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Your browser appears to have cookies disabled. For the best experience of this website, please enable cookies in your browser. More news. More opinion. A new survey of 40 years of architectural theory opts to document, rather than unpack its subjects, writes Stephen Games.

In their new reader on the last 40 years of architectural theory, An Introduction to Architectural Theory from to the Present, David Goodman and Harry Francis Mallgrave provide an informal chronology of how Postmodernism burst upon the scene in the s and what happened afterwards, but even they have to admit defeat in explaining some of the continuing uncertainties that Postmodern language gives rise to, and whether Postmodernism even accounts for what architects got up to under its rubric.

Postmodernism was centrifugal, driving people apart at least as much as it brought them together. This was the difficulty that Charles Jencks faced when trying to define it: he wished to nail down a system that he had a particularly comprehensive grasp of at just the time when architects were wanting to be free.

Examples of architects whose positions were ambiguous — Hans Hollein, James Stirling, Frank Gehry — are useful, but Postmodern confusion is a phenomenon, and one that needs to be examined and explained not just noted and illustrated. Mallgrave and Goodman go some way to doing this when they match architects to key borrowings.

In spite of these reservations, there is much in this book that is useful for the beginner. British intellectuals were complicit in this conspiracy. Instead, their creativity had to be channelled into the proxy activity of bringing over theoretical ideas, ancient and postmodern, from philosophy to architecture and from the Continent to the US.

The institutionalising of architecture as a university discipline supported this trend. Of particular interest is the home-grown rabbit that the authors pull out of their hat: the little known figure of Charles W. Along with Lewis Mumford, Harwell Harris at Texas, and Jane Jacobs, Morris was one of several people who, according to the authors, could have led the US towards a theoretical position all of its own. Having begun by observing the first cracks in what they see as the outmoded idea that new technology will make society better in the s and 60s, they finish by promoting what they see as the novel idea that new technology will make society better in the s.

One hopes, of course, that architecture is becoming more enlightened. Whether it is, and whether this type of theory has anything meaningful to say or valuable to teach, is clearly still open to question. One of the speakers at an Architecture Foundation lecture disrupted by racist shouting has urged the profession to consider the risk to minority groups when organising online events.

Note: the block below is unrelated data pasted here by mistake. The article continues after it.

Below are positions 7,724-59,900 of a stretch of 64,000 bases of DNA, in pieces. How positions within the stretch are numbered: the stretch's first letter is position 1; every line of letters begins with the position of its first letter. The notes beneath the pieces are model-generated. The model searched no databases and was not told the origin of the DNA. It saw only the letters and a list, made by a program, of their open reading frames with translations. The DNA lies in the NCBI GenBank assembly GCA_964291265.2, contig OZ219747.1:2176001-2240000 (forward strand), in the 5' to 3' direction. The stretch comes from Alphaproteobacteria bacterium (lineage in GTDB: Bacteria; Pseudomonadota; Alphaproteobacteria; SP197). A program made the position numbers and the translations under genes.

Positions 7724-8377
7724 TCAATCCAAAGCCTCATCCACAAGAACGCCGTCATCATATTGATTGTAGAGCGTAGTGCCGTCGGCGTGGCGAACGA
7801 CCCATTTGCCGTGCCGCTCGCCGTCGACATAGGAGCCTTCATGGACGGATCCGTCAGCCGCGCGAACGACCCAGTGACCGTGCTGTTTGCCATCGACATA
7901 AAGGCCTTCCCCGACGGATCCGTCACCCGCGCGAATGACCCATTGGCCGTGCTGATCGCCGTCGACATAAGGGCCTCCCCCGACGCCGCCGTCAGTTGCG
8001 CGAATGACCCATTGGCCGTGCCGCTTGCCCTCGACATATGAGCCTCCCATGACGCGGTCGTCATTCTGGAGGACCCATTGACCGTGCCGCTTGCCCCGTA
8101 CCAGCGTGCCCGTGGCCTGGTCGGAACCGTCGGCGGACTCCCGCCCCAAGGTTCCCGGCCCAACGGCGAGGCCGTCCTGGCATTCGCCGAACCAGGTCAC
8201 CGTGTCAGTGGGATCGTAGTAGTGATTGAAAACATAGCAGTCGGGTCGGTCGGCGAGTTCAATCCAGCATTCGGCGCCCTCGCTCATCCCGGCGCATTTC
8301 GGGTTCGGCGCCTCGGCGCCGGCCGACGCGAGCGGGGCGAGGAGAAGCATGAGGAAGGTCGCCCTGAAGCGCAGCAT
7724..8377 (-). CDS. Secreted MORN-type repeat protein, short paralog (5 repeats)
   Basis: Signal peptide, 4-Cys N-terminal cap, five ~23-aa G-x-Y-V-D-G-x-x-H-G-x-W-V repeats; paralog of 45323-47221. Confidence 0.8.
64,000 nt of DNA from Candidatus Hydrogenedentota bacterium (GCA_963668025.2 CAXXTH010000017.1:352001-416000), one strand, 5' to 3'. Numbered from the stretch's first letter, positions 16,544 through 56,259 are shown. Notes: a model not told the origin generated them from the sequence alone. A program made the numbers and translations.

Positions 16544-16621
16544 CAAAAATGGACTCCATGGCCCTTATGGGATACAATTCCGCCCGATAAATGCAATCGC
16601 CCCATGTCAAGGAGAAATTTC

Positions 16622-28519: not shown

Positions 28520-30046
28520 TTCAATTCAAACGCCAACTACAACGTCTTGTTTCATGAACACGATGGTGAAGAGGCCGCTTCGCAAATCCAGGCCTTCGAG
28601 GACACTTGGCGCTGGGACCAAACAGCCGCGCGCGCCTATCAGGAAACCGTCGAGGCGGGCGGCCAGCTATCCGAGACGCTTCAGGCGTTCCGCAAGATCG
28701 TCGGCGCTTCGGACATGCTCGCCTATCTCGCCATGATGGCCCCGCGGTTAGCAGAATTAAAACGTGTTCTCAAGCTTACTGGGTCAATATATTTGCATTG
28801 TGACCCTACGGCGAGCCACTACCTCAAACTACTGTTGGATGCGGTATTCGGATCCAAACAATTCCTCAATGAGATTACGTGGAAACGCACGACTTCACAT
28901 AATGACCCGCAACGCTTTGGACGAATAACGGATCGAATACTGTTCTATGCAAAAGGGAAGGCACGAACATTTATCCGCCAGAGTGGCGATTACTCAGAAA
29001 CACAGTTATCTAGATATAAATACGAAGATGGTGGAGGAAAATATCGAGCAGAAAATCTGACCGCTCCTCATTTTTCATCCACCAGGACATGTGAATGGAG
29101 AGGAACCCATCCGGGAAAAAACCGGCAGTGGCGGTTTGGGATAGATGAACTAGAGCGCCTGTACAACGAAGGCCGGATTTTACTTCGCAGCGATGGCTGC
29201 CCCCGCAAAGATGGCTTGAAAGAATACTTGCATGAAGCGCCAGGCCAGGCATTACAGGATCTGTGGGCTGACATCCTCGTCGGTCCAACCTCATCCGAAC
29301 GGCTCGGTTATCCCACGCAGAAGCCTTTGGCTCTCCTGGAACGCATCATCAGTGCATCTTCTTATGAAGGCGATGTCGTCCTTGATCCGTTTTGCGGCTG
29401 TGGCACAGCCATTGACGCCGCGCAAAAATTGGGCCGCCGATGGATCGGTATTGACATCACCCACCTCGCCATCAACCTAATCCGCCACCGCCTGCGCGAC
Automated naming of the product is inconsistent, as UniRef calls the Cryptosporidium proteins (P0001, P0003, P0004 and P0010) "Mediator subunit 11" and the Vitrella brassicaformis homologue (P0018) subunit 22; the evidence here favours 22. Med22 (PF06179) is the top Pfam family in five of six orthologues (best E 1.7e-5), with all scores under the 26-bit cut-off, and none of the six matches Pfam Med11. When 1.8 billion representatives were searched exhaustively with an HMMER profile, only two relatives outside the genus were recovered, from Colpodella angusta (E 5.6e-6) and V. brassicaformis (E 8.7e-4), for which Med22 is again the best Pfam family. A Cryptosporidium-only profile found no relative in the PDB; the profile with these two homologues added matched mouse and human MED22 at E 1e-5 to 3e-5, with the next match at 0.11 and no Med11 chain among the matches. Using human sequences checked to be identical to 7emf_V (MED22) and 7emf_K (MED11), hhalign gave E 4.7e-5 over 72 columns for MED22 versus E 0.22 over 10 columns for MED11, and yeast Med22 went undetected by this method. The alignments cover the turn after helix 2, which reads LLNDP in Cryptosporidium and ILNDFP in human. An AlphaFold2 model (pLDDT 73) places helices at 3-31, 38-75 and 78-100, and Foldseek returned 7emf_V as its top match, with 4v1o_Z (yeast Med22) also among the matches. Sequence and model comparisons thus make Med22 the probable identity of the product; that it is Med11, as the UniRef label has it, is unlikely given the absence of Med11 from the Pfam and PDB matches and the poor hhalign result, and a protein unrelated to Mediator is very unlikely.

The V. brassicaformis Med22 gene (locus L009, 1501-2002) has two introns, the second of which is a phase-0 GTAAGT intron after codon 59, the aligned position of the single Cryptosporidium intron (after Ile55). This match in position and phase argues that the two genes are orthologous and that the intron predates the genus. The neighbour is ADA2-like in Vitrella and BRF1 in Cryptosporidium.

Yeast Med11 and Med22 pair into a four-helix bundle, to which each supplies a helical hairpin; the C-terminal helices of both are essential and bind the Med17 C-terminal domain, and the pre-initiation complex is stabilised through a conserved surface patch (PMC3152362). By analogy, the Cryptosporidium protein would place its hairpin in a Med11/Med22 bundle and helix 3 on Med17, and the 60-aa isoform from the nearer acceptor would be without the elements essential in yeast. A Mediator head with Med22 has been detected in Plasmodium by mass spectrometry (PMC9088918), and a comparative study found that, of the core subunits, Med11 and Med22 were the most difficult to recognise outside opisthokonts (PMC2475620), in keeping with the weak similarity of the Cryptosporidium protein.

The AJ, in partnership with the Stephen Lawrence Charitable Trust, has launched a new survey to gather up-to-date evidence on race diversity within architecture.

The profession is becoming more female, but black, Asian and minority ethnic BAME architects remain hugely under-represented in the great majority of AJ firms. The organisers of a competition for a pavilion in Tottenham have extended its deadline and said the winning scheme will be built in instead of due to coronavirus.

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Full screen. You might also like Coronavirus delays Tottenham Pavilion contest 19 March Merlin Fulcher The organisers of a competition for a pavilion in Tottenham have extended its deadline and said the winning scheme will be built in instead of due to coronavirus.

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Explain more, describe less: Mallgrave and Goodman's Architectural Theory

Harry Francis Mallgrave. Modern Architectural Theory is the first book to provide a comprehensive survey of architectural theory, primarily in Europe and the United States, during three centuries of development. In this synthetic overview, Harry Mallgrave examines architectural discourse within its social and political context. He explores the philosophical and conceptual evolution of its ideas, discusses the relation of theory to the practice of building, and, most importantly, considers the words of the architects themselves, as they contentiously shaped Western architecture. He also examines the compelling currents of French rationalist and British empiricist thought, radical reformation of the theory during the Enlightenment, the intellectual ambitions and historicist debates of the nineteenth century, and the distinctive varieties of modern theory in the twentieth century up to the profound social upheaval of the s. Modern Architectural Theory challenges many assumptions about architectural modernism and uncovers many new dimensions of the debates about modernism.


Architectural Theory: Volume I - An Anthology from Vitruvius to 1870

John V. Journal of the Society of Architectural Historians 1 September ; 65 3 : — Recipient s will receive an email with a link to 'Review: Modern Architectural Theory: A Historical Survey, by Harry Francis Mallgrave' and will not need an account to access the content. Sign In or Create an Account. User Tools. Sign In.

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